Speaking of other exciting, productive rookies, Tyler Lockett was an All Pro returner who just so happened to quickly integrate himself into the offense as the team’s third receiver. He finished his rookie season third on the team in yards with 664, and second on the team in receptions and receiving touchdowns with 51 and 6 respectively. His speed is among the best in the league, allowing our offense to take out the top of opposing defenses; even when he’s not catching long bombs, he’s a weapon other teams have to plan around, opening up options underneath for guys like Baldwin, Kearse, and Graham.
Speaking of Kearse and Graham, I thought they were wildly successful in 2015 and I hope to have both back in the fold going forward. Kearse is a free agent, so it’s unknown at this time what his market is going to be. It’s also unknown how much the Seahawks are willing to allocate to him, with so many other needs on the roster. Kearse isn’t flashy, but he’s gotten better every year. He’s got reliable hands and a good rapport with Wilson. As Baldwin ascended to become one of the top receivers in the league, Kearse sort of supplanted him as Wilson’s security blanket. You’re not going to get a ton of big plays out of him, but he runs good routes, and he’s physical. As a fan since his UW days, I could understand it if the Seahawks moved on, but I have to admit I’d be a little heartbroken to see him in another uniform (maybe watch out for the 49ers on this one; he seems like a guy who’d be right up their alley as they try to replace Anquan Boldin).
Graham, on the other hand, caught a lot of shit early on this season. Well, partly Graham, and partly the offensive coordinator. I always liked the move to bring Graham in (though, I’ve come around on the point that the Seahawks should probably build up their receivers from within, as opposed to trading or signing for big name studs); I thought Unger was poised to continue breaking down (he ended up playing in all 16 games for the Saints, but he is getting up there in age), and I thought we could get by with the guys we had in camp along our offensive line. But, when the team struggled out of the gate – and the offensive line played like a turnstile – it was obvious all around that the team had miscalculated some things in their off-season plan. Letting Unger and Carpenter go proved to be a major setback, much more glaring than we ever could have anticipated. And, with the Seahawks struggling to get Graham the ball through the first five weeks of the season, the whole thing looked like an unmitigated disaster! But, I’ll say this: Graham’s numbers improved as the season went along and everyone got more comfortable with everyone else. The offensive line settled down with Patrick Lewis, giving Wilson time to throw, and Bevell finally figured out the right plays to call to get the most out of our Pro Bowl tight end. While Graham’s touchdown numbers never came around, he had big games against the Panthers, Cowboys, and Steelers before he was lost for the season with a torn patellar tendon. On the plus side, he should make a full recovery, and the hope is for his rapport with Wilson to get better and better. If we can just figure out how to get him the ball in the red zone, there won’t be any stopping us!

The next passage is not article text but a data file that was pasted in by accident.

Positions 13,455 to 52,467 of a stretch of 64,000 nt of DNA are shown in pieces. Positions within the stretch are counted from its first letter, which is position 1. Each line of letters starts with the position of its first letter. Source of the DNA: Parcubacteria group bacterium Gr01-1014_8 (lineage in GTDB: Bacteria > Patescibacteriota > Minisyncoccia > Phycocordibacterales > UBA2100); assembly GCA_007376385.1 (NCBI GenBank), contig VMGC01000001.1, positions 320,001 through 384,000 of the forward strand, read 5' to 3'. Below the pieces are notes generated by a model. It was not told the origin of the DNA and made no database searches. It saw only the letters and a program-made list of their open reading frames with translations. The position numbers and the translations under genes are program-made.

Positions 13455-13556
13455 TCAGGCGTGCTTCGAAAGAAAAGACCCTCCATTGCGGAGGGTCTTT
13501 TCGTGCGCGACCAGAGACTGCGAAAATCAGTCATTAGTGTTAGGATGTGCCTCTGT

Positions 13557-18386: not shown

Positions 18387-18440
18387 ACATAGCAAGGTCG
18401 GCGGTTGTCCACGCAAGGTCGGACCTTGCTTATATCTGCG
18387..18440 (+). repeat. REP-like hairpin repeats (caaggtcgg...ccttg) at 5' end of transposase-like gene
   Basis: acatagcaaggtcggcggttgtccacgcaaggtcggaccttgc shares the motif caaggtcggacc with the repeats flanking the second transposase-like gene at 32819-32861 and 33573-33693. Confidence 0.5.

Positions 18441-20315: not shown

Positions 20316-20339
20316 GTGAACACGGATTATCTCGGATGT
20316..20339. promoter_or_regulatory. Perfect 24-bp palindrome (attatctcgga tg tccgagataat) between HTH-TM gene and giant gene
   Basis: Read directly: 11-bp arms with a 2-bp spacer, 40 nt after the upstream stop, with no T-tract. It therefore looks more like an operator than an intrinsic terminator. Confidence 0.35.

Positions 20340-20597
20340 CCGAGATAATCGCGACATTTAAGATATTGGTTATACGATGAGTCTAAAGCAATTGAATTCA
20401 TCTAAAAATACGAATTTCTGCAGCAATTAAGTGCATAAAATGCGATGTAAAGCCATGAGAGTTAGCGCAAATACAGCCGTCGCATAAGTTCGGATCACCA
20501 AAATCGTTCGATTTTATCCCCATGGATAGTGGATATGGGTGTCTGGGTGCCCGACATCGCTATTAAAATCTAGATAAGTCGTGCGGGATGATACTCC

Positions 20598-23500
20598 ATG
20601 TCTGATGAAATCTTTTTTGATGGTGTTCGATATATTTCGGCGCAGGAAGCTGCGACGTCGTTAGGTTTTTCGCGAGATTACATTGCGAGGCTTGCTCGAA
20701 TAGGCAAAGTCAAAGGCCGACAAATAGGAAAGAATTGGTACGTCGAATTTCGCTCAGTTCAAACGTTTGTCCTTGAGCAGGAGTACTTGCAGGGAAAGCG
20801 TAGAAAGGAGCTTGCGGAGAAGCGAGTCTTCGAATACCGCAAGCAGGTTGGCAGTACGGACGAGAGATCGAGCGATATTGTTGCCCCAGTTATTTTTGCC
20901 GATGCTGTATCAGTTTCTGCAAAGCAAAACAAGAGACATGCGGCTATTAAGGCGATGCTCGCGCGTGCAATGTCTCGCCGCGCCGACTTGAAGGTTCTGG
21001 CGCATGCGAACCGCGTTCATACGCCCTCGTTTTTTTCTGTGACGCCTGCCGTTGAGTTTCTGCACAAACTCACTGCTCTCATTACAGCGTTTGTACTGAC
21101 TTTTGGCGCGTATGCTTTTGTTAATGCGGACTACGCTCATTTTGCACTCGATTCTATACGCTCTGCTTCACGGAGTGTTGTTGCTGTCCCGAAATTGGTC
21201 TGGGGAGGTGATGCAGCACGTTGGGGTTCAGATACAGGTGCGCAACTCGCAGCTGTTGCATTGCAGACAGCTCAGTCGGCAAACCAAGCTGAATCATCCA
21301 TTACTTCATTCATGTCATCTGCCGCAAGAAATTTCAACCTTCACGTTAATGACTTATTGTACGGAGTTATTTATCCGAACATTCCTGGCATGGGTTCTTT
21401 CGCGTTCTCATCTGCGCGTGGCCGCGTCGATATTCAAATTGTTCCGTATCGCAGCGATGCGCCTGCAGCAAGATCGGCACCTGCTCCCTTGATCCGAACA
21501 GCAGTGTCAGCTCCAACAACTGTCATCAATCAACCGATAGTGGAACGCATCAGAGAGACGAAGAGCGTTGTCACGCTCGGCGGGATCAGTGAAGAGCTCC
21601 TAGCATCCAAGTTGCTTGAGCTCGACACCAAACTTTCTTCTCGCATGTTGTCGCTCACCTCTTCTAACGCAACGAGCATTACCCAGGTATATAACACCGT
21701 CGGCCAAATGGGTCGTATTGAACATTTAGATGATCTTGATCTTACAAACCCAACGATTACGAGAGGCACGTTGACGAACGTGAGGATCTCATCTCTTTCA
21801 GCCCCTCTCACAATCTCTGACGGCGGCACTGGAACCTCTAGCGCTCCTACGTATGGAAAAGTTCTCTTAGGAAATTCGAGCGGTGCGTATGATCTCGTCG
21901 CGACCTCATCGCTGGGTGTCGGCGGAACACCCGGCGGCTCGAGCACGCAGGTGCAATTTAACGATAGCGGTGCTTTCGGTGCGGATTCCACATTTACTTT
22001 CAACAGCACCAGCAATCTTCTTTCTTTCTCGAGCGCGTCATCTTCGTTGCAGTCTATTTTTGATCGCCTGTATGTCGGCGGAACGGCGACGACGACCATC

This post is already starting to balloon on me, so instead of cramming the defense in today, I’ll save that post for tomorrow. In spite of my negativity towards that unit, there is still a lot to like about that side of the ball, for 2015 and going forward.